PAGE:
Tenses in subordinate clauses
July 3rd, 2011 in Improve English
In subordinate clauses, present tenses are often used instead of will + infinitive to refer to the future. This usually happens in most subordinate clauses.
I will call you when dinner is ready. (NOT I will call you when dinner will be ready.)
I will think of you when I am lying on the beach tomorrow. (NOT I will think of you when I will be lying on the beach tomorrow.)
Will you wait until I get ready? (NOT Will you wait until I will get ready?)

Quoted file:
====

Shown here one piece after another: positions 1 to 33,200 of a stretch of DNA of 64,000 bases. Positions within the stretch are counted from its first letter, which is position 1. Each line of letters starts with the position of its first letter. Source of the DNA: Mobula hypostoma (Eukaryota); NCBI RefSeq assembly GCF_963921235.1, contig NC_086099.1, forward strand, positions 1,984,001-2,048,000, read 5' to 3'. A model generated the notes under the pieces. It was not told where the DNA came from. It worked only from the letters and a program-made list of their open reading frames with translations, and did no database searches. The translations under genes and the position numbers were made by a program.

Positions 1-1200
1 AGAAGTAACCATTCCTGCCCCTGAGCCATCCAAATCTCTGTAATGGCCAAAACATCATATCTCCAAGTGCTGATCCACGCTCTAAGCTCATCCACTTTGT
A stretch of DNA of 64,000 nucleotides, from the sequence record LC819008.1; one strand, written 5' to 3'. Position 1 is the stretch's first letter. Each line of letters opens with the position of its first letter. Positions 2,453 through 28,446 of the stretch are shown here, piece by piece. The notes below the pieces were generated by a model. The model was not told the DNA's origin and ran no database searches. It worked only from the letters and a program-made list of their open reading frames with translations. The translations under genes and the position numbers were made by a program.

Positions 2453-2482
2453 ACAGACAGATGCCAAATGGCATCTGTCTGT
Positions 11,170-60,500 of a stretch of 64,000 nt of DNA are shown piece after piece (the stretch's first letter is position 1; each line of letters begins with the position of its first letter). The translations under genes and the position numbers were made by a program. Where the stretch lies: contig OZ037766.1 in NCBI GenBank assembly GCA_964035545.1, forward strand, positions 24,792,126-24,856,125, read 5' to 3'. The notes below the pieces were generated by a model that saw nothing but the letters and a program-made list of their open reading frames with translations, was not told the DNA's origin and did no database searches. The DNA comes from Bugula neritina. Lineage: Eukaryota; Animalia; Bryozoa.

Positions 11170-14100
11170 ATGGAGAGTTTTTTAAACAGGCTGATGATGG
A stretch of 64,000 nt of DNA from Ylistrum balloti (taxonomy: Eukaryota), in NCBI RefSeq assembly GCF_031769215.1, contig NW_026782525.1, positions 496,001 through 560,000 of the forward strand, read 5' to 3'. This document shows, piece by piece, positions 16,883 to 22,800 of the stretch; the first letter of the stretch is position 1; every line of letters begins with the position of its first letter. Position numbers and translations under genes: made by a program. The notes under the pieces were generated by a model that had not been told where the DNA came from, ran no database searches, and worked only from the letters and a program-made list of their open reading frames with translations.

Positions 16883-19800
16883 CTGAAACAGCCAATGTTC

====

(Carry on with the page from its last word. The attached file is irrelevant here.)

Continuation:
It will be interesting to see whether he manages to solve the problem. (NOT It will be interesting to see whether he will manage to solve the problem.)
This can happen even if the verb in the main clause does not have a future form, provided it refers to the future.
Phone me when you arrive. (Here the main verb is in the present tense, but the reference is to the future.)
Try to have a good time whether you win or lose.
Present perfect tenses can be used in subordinate clauses to express the idea of completion.
Give me a call when you have finished.
In comparisons with as and than, both present and future verbs are possible.
We will get there sooner than you do. OR We will get there sooner than you will do.